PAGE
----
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    sjarensky's Avatar
    sjarensky Posts: 1, Reputation: 1
    New Member

    Feb 13, 2009, 01:45 PM
    10.7 kva
    I bought an arc welder that runs on 110/220.
    The installation manual does not list the amps required for the circuit for the unit to work on 110 volts.

    The only thing is says is that the "rated input capacity" is 10.7 kva

    Can anyone help me on this one. I need to know if this unit can work on a standard 15 amp circuit, if not, how many amps do I need.
    Tev's Avatar
    Tev Posts: 232, Reputation: 20
    Full Member

    Feb 13, 2009, 02:00 PM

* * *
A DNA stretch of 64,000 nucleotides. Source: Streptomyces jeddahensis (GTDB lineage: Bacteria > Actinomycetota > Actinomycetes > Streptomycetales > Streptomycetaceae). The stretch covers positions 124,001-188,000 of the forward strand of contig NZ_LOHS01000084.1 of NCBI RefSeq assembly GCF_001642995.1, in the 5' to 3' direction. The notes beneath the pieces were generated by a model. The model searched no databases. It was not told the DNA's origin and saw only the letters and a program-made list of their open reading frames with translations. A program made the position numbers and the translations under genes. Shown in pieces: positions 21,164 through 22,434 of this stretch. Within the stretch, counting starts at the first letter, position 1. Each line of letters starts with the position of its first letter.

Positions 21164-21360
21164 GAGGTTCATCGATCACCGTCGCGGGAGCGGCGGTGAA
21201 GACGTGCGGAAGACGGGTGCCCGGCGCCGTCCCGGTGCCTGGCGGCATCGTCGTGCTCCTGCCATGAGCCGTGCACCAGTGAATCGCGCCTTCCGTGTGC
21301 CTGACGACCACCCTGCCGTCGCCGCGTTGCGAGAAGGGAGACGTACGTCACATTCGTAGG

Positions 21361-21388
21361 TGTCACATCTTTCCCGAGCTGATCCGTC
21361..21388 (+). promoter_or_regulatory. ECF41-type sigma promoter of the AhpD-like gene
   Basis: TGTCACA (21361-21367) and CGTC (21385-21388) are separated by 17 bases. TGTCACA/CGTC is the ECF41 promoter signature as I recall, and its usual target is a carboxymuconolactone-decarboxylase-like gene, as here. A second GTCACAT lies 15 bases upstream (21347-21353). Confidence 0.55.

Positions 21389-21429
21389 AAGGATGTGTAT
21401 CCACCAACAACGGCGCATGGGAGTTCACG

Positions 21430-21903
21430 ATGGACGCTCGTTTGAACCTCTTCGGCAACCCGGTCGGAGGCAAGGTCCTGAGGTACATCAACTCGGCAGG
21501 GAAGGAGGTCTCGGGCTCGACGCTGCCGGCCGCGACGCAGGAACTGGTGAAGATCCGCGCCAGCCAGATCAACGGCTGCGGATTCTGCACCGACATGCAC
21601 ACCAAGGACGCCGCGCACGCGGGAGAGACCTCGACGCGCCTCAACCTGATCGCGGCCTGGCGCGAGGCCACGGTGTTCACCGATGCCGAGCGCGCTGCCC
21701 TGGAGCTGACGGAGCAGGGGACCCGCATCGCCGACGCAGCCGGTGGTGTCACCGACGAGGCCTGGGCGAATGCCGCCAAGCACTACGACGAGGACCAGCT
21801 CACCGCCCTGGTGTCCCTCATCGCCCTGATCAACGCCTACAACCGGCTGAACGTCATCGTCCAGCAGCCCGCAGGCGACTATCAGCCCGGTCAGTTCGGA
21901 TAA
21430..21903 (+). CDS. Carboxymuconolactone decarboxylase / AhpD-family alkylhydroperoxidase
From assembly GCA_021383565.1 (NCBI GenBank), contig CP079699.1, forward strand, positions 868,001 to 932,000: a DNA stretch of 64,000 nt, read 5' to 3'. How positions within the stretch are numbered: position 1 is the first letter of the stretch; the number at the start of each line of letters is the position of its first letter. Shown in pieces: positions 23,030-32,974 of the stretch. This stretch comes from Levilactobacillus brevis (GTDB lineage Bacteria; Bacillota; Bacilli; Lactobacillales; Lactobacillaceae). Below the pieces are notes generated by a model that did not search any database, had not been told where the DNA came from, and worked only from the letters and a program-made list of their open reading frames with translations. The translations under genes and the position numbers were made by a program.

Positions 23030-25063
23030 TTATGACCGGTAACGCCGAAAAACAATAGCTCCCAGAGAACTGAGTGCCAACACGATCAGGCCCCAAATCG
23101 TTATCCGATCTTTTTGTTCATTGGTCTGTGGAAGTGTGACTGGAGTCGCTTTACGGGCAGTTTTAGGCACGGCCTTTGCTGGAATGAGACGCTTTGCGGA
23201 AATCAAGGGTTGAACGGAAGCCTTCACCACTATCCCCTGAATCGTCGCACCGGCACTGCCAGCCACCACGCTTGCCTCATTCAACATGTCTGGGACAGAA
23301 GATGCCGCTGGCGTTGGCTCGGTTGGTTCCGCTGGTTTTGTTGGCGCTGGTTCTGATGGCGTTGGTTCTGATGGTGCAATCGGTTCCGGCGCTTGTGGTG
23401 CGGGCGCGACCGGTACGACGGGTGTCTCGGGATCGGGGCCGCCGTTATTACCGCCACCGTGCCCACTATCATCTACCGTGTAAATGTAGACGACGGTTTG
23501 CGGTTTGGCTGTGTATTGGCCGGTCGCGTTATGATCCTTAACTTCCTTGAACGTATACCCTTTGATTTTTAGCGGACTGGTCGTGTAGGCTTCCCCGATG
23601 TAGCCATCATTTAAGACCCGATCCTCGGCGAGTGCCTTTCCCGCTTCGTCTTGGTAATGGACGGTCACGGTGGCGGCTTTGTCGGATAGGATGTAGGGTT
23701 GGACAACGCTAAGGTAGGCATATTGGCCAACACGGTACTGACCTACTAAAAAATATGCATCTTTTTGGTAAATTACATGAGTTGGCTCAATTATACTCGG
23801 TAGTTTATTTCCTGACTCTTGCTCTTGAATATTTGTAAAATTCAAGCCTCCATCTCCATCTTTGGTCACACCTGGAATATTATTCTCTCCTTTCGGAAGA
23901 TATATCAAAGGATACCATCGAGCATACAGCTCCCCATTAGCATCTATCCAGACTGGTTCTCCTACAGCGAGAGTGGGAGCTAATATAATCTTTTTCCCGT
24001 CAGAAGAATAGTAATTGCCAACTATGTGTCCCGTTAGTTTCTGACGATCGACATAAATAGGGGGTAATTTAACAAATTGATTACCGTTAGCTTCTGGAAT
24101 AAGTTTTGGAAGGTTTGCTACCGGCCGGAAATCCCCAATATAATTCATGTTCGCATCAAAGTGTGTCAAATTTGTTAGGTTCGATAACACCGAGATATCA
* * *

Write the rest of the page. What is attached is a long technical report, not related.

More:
You can't run that on a 15 amp 120V circuit. It requires both 120V and 240V to work. You will need a 50 amp 120/240V circuit. That's two hots, a neutral and an equipment ground, four wires total. I would suggest you hire an electrician for this.
    KISS's Avatar
    KISS Posts: 12,510, Reputation: 839
    Uber Member

    Feb 13, 2009, 02:02 PM

    kva should be abrieviated kVA because k = 1000, V is a proper name and A is a proper name.

    10.7 kVA is like watts, but different. We'll call it Watts (proper name) for this discussion.

    Amps at 120 would be 10700/120 Amps.

    I'll let you do the math. 20 A*120 V = 640 VA. As you can see it's not very much power.

    It depends a lot on what your going to be welding. If your going to be welding up to the max tickness that tehe welder can do, then no.

    It won't hurt to connect to a smaller current service, but it may not be adequate. It depends on what your going to weld.

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